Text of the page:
I am constantly amazed at how animated and talkative people get when you mention food. The mere aroma of certain foods can evoke memories that transport us back to a special place and time. Food can bridge the gap between all ages, races and ethnicities.
Let's face it, the only thing that should ever come between people is a table and some serving bowls.

Friday, January 5, 2007

A Hint of Hanukkah

I have truly been blessed with a rich heritage. My Mother who is Russian and Polish was raised Jewish but converted to Catholicism when she married my Father who is Italian. Luckily I was still able to experience some of the Jewish traditions not to mention their glorious food. One of my favorites; Potato Pancakes (Latkas)
Traditionally served during Hanukkah but are good at any time throughout the year.
Fried foods during Hanukkah reminds us of the miracle of the oil that burned for eight days when the Maccabees (the Judean's army) purified and rededicated the holy Temple in Jerusalem. Some rabbis have taken the explanation of why fried food is eaten on Hanukkah one step further. They say that oil is like studying Torah in two ways:

1) Oil is not a food we eat by ourselves and not necessary for our daily existence.
It simply adds pleasure to our food and life, as does the study of Torah.
2) Oil has the potential to illuminate. If you stand in a dark room you can light oil to see the room around you. Study of the Torah can also illuminate our world for us.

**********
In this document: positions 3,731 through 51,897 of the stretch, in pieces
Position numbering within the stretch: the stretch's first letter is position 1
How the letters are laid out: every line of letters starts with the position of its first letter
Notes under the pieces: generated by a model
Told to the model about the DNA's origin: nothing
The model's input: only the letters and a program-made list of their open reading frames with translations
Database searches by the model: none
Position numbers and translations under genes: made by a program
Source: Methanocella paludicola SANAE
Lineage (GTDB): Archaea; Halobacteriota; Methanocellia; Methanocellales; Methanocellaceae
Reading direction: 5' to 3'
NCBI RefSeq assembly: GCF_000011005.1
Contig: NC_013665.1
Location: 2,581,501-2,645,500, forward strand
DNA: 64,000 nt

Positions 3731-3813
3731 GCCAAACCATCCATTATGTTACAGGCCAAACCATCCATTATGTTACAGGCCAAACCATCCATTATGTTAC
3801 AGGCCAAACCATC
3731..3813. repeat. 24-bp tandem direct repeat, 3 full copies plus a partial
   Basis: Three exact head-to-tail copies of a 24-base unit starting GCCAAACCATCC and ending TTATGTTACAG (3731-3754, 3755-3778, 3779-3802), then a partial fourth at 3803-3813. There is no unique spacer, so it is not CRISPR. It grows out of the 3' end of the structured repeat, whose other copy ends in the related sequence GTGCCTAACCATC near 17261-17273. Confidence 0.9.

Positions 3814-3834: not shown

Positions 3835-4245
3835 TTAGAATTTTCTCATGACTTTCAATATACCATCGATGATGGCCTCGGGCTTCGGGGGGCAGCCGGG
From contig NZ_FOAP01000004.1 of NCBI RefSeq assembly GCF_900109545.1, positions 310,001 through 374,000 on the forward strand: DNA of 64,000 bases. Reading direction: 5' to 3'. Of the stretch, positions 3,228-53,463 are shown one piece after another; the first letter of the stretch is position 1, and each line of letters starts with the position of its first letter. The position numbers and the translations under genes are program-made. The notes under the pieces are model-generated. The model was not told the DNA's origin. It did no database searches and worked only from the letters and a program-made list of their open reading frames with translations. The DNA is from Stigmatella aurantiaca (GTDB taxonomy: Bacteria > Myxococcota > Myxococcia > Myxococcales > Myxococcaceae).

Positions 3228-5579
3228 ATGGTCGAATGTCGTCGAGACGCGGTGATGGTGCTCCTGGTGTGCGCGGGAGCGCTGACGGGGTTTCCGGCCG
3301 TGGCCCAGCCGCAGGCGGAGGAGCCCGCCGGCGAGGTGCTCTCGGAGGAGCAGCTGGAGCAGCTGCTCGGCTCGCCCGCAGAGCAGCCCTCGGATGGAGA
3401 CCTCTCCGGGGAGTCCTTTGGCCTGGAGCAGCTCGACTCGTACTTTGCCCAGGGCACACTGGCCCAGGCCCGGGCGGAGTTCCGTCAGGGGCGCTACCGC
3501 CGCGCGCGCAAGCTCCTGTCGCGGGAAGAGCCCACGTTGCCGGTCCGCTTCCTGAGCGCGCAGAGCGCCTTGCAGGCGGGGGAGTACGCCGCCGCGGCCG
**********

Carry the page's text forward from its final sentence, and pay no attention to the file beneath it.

Potato Pancakes (Latkas)


4 large potatoes
1 medium onion
1 large egg
1 tsp. salt
1/2 tsp. white pepper
1 Tbsp. all-purpose flour
1/2 tsp. baking powder
vegetable oil (for frying)

Grate potatoes and onion. Transfer to colander and squeeze mixture to press out as much liquid as possible.2. In a large bowl, mix egg, salt, pepper, flour and baking powder. Add potato and onions, and mix well.3. Heat oil in a deep, heavy skillet. 4. Drop about 2 tablespoons of potato mixture into the pan for each pancake. Flatten with back of spoon so each pancake is about 2 1/2 to 3 inches in diameter.5. Fry over medium heat for about 4 to 5 minutes on each side, or until golden brown and crisp. Turn carefully with 2 spatulas so oil does not splatter. 6. Drain on paper towels.7. Before frying each new batch, stir potato mixture. If all the oil is absorbed, add a little more to the pan. 8. Serve hot with applesauce, or sour cream, or sugar. (or as I’ve been known to do use all of those plus butter)! Leave it to me to figure out how to tack on some extra calories.

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